North Carolina passes amendment affirming traditional marriage; effects unclear
The News & Observer, Robert Willett, Associated Press
RALEIGH, N.C. — North Carolina voters overwhelmingly passed a constitutional amendment that defines marriage as solely between a man and a woman, but not much is expected to change immediately.
That's because North Carolina law already banned gay marriage. The amendment voters passed Tuesday night by about 61 percent of voters effectively will seal the door on same-sex marriages and potentially have other effects farther down the road.
"Same-sex marriage was illegal today; it's illegal tomorrow," said John Dinan, a political science professor at Wake Forest University who writes an annual review of state constitutional amendments. "There were no same-sex civil unions recognized in North Carolina today. Those will not be recognized tomorrow. The bottom line is there's not a lot of change because of this amendment."
The amendment likely would affect issues other than gay marriage the most because the "marriage-plus" amendment approved in North Carolina prohibits not only same-sex marriage, but also same-sex civil unions. Nineteen states have such amendments, Dinan said.
For example, a handful of local governments provide benefits to employees who are involved in same-sex relationships. In Michigan, the state's highest court ruled that an amendment did affect those benefits, Dinan said. But in North Carolina, officials in Durham and Orange counties have said they don't expect to have to eliminate those benefits because of the amendment, he said.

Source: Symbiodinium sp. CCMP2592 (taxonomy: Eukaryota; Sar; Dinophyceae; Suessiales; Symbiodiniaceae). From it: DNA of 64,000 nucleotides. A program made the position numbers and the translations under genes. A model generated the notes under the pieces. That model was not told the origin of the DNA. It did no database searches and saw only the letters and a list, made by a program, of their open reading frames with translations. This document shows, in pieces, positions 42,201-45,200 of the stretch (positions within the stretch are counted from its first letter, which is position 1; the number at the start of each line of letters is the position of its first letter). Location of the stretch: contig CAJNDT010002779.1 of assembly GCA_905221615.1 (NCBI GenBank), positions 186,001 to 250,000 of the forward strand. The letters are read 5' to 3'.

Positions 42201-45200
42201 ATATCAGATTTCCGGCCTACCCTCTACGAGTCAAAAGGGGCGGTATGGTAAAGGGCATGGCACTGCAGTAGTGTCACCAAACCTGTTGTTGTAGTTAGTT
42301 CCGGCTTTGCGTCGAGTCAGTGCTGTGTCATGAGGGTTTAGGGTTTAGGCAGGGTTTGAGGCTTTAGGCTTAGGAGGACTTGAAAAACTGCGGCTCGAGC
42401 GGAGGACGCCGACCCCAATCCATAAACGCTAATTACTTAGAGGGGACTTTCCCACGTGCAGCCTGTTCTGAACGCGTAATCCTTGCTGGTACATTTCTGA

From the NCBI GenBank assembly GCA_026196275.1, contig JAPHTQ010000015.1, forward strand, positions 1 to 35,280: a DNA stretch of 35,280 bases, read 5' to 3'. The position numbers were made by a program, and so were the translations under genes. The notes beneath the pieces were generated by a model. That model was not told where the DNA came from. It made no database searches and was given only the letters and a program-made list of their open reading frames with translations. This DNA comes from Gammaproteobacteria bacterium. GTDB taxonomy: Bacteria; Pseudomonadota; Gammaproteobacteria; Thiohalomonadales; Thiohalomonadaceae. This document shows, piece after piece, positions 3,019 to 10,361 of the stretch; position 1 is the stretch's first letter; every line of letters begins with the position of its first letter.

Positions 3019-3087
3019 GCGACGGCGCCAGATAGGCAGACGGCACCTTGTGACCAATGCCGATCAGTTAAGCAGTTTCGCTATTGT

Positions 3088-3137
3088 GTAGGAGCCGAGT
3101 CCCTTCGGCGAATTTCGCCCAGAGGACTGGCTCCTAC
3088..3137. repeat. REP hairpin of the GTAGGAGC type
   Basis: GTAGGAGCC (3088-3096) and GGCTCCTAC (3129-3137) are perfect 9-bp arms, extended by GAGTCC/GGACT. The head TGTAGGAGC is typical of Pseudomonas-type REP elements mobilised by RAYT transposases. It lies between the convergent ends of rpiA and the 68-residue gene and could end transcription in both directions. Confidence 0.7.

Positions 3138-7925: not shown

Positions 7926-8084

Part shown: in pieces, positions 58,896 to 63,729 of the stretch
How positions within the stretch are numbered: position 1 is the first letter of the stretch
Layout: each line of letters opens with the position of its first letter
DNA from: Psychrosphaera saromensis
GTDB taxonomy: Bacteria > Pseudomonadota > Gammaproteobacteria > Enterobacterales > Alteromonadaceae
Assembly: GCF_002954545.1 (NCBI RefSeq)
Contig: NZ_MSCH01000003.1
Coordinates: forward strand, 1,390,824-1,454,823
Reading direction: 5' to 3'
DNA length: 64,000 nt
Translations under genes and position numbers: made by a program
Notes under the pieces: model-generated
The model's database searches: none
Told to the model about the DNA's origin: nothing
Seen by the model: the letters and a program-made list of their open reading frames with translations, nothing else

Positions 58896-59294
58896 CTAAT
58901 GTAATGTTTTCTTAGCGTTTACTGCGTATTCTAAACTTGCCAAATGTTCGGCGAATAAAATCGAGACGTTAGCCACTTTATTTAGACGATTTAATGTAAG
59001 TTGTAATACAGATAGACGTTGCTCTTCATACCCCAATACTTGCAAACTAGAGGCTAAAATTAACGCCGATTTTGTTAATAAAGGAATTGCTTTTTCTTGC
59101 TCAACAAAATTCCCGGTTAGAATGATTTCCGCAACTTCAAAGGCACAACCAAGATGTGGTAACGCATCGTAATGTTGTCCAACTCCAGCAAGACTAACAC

Opponents had said they feared the law could affect domestic violence protections, some of which refer to people who live together. Dinan said he doubted that would happen, although Ohio had a three-year court fight over the issue before the Supreme Court ruled the laws weren't affected.
Some voters who opposed the amendment weren't that concerned with the practical effects of the amendment, but more with how it makes North Carolina look.
The amendment was unnecessary, said Sam Stone, 70, of Raleigh, who voted against it, along with his wife, Virginia, 66.
"Doing this amendment makes it seem more mean-spirited," he said Tuesday as he went to the polls.
Shane Colwell, who's studying at Southeastern Baptist Theological Seminary in Wake Forest, said the amendment clarified the definition of marriage.
"I'm a born-again Christian, and I just believe the Bible is clear that marriage is for one man and one woman," he said. "It doesn't mean that anybody's less equal than anybody else. I just think that marriage is one man and one woman."
In the final days before the vote, members of President Barack Obama's cabinet expressed support for gay marriage and former President Bill Clinton recorded phone messages urging voters to oppose the amendment.
Supporters of the amendment responded with marches, television ads and speeches. The Rev. Billy Graham, 93, was featured in full-page newspaper ads backing the amendment.
President Obama was disappointed that the amendment passed, said Cameron French, spokesman for the Obama campaign in North Carolina.
"The President has long opposed divisive and discriminatory efforts to deny rights and benefits to same sex couples," French said. "He believes the North Carolina measure singles out and discriminates against committed gay and lesbian couples, which is why he did not support it."
Obama will sit down for an interview with ABC's Robin Roberts Wednesday evening, and the North Carolina amendment will likely be discussed.
North Carolina is the 30th state to pass a constitutional amendment banning gay marriage. Six states — all in the Northeast except Iowa — and the District of Columbia allow same sex marriages. In addition, two other states have laws that are not yet in effect and may be subject to referendums.
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